13 is a big year in a young one's life: you've officially tip-toed into adolescence, your body starts to go a little batty and you can finally sign up for a Google account. According to a new report from The Information, though, Google is gearing up to unleash its services on an even younger audience, and it's dealing with stringent legal requirements so it can start courting kids. Among the bits Google reportedly has in the works are a child-friendly version of YouTube (hard as that can be to imagine) and an online dashboard that allows parents to keep tabs on their kids goings-on as they flit around online.
Here's the thing, though: trying to get your web services cleared for kids is a total pain. Extending its reach in a such a way means Google has to fight to comply with Coppa, a federal law that calls for (among other things) the strict and thoughtful handling of data collected from children. This whole rigmarole is made trickier by the fact that there are really two kinds of Google accounts: ones created from a traditional computer that require a user to provide their age (whether they're honest about it is another story entirely) and ones created from Android devices that don't have ages tied to them. The Information reports that you won't be able to create one of those age-less mobile Google accounts before long, though it's unclear how Google's going to address about the ones that already exist.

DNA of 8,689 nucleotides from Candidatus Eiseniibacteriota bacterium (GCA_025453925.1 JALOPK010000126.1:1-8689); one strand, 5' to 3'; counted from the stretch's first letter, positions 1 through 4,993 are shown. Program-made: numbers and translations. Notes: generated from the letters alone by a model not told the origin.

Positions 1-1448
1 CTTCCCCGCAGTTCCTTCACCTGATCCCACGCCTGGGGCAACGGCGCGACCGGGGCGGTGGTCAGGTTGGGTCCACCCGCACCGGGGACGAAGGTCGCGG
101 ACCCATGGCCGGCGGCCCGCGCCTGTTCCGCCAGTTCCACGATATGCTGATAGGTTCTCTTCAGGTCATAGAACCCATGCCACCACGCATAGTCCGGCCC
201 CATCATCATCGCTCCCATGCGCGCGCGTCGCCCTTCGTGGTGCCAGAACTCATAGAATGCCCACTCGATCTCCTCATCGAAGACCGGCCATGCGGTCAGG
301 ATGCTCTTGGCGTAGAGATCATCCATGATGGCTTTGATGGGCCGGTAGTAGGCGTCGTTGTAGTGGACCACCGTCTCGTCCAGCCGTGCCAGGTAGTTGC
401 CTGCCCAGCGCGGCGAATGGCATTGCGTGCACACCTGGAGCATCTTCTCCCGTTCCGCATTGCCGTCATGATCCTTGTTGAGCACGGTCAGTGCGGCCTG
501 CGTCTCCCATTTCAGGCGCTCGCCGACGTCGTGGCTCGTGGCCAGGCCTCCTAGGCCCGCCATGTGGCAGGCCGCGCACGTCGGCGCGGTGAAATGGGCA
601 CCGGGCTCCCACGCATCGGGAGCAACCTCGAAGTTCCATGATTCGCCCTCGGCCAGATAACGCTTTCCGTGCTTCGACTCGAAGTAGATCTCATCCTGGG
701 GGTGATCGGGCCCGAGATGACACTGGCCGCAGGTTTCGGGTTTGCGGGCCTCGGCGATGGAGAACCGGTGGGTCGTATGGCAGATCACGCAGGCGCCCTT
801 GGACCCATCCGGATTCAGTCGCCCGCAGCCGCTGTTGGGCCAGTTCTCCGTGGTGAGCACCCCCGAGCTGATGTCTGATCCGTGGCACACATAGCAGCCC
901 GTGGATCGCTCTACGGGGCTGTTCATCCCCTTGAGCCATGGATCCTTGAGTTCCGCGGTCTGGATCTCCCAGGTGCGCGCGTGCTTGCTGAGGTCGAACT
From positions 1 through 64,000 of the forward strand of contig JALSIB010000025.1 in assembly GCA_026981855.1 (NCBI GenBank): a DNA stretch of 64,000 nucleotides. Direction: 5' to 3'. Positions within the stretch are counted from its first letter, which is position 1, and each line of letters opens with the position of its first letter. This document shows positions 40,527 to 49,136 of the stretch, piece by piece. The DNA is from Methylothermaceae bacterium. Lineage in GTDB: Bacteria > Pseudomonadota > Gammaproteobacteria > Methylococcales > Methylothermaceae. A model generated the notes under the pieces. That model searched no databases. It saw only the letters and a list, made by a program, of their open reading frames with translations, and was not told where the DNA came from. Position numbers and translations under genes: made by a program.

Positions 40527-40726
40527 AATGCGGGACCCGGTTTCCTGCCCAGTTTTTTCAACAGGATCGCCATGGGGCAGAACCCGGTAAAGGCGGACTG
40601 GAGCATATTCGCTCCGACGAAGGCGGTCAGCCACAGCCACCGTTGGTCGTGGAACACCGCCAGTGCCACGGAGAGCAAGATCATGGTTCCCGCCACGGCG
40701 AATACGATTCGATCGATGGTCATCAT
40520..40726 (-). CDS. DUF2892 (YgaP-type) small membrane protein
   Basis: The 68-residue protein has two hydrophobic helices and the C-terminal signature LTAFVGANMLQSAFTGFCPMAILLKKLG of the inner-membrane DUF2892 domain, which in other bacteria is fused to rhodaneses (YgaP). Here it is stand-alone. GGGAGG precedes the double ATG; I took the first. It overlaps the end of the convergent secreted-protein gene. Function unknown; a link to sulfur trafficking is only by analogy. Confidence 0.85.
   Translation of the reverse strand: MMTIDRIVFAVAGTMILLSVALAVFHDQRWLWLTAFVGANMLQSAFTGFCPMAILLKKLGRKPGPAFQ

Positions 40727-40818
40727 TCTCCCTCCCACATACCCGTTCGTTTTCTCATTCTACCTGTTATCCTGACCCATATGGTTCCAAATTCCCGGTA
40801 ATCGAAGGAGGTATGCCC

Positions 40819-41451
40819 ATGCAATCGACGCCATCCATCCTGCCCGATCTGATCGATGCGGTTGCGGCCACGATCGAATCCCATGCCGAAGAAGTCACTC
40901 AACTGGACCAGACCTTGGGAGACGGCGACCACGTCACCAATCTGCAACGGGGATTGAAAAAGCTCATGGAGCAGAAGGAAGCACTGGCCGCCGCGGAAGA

So like we said, a total pain. The fact that Google's pushing anyway highlights just how important this group of potential users is to them. Sure, kids get condoned access to tools they've never been able to use before, but Google gets a chance to hook new (and hopefully lifelong) users while they're young. What's a few legal headaches when you've got a big ol' growth engine just sitting there waiting to be fired up?